There is fire on this mountain. 2. For, there is smoke there. 3. Smoke goes with fire always (or, in all cases, or in all places):witness, kitchen.

    4. This is also a case of smoke. 5. Therefore, there is fire there (on the mountain). Logicians will immediately be able to reconstruct this argument in thefamiliar Aristotelian form as follows:The place on the mountain is a place where there is smoke. A place where there is smoke is a place where there is fire.

    Therefore, the place on the mountain is a place where there is fire. Matilal, however, notes that there is at least some dissimilarity betweenthe Indian and the Aristotelian argument forms presented here. Forinstance, he says that the conclusion of the Indian argument form is in theform of ‘singular proposition,’ (i. e. , modified by demonstratives like’this’ or ‘that’) whereas that of the Aristotelian syllogism is eitheruniversal or particular (i. e.

    , modified by quantifiers like ‘all’ or’some’). But the dissimilarity here could be amended, as indexicals (termslike ‘this’ or ‘that’ which relies on the context of utterance for theirfull meaning) could be dispensed with by supplying the required informationon the context in which they are uttered. Thus it could be safely statedthat the Indian logical tradition fully comprehended the essence, so tospeak, of logic, which is the concept of validity and the basic validargument form. Another of the world’s great civilizations, China, also had its ownindigenous and independent logical tradition. Two of China’s logicalschools of thought are the Mohists and the Logicians.

    The former wasfounded by Mo Ti, who lived between 479 to 381 B. C. , during the WarringStates period of Chinese history (Ronan 1978: 114). Among the typicalChinese scholars the Mohists are better known for their doctrine ofuniversal love and the condemnation of offensive war rather than theirinterests and achievements in the physical sciences. In the latter Needhamreports that the Mohists went very far towards realizing that the thoughtsystem was in fact a prerequisite for modern science.

    Most significantly,the Mohists appeared to be in grasp of the concepts of deduction andinduction. They viewed the former as a way of thinking which follows a’mental model,’ which guarantees that whoever follows it will never fail tobe right in their thinking. Here is an example of reasoning based onfollowing such mental model:Model thinking consists in following the methods of Nature. What are followed in “model-thinking” are the methods. Therefore if the methods are truly followed by the “model-thinking”literally: hit in the middle, the reasoning will be correct.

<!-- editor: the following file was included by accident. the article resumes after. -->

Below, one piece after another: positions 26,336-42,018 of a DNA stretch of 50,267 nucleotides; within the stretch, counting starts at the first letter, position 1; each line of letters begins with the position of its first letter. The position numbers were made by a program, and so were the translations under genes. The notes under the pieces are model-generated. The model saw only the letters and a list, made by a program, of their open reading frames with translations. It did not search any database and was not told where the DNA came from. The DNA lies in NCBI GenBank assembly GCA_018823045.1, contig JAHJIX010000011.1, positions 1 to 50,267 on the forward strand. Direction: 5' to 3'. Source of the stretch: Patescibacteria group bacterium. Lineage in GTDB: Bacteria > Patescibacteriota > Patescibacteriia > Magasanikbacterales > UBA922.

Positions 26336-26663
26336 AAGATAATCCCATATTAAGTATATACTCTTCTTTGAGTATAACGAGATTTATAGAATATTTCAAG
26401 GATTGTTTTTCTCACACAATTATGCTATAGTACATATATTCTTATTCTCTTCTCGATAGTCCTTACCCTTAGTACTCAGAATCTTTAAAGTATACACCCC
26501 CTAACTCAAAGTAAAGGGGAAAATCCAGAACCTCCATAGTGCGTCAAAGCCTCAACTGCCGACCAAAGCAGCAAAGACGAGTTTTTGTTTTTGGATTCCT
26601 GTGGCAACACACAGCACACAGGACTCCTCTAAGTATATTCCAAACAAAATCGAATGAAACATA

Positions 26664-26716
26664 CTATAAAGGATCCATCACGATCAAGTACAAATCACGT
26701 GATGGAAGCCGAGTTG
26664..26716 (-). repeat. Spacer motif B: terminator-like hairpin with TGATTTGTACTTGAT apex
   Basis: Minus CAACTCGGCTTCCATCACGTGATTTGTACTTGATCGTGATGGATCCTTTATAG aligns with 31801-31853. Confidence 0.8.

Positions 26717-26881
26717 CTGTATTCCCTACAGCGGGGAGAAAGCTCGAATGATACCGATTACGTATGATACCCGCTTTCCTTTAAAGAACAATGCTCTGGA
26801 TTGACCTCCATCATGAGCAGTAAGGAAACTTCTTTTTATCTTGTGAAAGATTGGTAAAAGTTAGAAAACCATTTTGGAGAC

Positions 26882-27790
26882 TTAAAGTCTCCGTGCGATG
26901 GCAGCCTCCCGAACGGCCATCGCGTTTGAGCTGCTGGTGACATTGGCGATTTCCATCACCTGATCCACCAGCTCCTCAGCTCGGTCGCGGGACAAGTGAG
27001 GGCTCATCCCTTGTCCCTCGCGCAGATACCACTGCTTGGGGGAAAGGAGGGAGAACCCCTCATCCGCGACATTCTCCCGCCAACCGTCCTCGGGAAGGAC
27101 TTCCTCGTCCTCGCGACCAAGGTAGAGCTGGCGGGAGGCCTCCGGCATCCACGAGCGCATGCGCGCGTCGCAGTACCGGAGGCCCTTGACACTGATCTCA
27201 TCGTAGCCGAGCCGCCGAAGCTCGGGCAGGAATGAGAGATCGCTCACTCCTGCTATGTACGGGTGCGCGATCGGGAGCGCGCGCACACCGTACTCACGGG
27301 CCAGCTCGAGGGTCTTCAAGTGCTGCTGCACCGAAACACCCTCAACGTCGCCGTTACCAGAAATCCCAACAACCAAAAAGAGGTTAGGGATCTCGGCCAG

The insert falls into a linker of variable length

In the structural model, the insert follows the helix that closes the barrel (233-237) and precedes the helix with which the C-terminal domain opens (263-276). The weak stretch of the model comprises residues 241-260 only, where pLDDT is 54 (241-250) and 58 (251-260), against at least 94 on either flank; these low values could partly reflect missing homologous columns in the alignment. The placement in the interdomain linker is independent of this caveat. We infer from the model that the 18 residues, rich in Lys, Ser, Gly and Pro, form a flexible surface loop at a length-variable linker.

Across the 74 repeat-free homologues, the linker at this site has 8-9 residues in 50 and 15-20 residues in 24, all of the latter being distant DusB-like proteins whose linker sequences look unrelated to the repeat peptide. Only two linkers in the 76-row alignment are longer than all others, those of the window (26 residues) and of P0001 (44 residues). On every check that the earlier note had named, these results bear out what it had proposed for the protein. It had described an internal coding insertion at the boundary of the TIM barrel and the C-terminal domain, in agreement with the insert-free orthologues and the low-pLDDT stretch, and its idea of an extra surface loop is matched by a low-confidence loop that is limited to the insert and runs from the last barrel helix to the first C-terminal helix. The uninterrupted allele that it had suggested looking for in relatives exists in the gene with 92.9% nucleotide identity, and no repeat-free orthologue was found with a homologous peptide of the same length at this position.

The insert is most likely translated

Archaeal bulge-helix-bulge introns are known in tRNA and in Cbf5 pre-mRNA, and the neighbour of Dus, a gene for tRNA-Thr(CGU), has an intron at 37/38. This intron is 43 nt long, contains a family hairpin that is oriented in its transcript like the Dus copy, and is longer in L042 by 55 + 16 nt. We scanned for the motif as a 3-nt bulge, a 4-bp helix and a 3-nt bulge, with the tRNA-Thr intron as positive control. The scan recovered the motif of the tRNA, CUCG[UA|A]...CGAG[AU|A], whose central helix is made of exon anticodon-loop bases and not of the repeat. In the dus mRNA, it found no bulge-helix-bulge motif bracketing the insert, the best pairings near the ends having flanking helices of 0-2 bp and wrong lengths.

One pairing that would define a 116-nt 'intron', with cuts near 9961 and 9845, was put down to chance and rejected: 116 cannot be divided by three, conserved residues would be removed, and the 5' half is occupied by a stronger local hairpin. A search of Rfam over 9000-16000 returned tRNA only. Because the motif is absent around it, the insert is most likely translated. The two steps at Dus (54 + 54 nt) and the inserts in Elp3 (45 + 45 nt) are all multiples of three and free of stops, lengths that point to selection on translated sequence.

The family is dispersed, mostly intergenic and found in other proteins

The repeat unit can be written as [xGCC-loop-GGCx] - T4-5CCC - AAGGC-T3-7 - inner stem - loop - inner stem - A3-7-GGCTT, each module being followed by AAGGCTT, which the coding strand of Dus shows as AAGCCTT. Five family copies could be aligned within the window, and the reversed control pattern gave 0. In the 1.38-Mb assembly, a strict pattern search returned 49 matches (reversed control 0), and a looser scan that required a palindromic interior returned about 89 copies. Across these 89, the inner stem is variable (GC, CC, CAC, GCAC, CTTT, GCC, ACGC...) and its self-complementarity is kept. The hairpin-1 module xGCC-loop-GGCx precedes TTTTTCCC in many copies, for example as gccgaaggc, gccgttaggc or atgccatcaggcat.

But if the methods are not truly followed by the “model-thinking,” thereasoning will be wrong (Ronan 1978: 119). On the other hand, the Mohists also recognized the value of ‘extension’which is a kind of reasoning from the known examples and ‘extend’ it tounknown cases similar to them:Extension is considering that that which one has not yet receivedi. e. a new phenomenon is identical from the point of view ofclassification with those which one has already received, andadmitting it (Ronan 1978: 119). It is clear then that the former is an instance of deductive thinking,while the latter represents the basic idea of inductive thinking.

    The two most well known representatives of the Logicians are Hui Shih andKungsun Lung. The former is known for his paradoxes resembling that ofZeno, and his writings were designed to shock and to illustrate deeplogical point. For example, Hui Shih’s writing that “The Heavens are as lowas the Earth; mountains are on the same level as marshes” (Ronan 1978: 122)could be regarded as a way of illustrating the fact that, viewed from thecosmic perspective, the sentence written by Hui Shih here is actually true. Other pieces of his writings concern what and how we perceive:Fire is not hot.

    Eyes do not see (Ronan 1978: 122). These are designed to lead one to think that what is hot in fire may wellnot be in the fire at all, but is located within our tactile perception ofit. And the factor that actually does the seeing is not the eyesthemselves, but the consciousness or whatever that gives rise to theperception. Similarly, according to Needham, Kungsun Lung had a system of logical andparadoxical thinking that could well serve as the foundation of modernscience.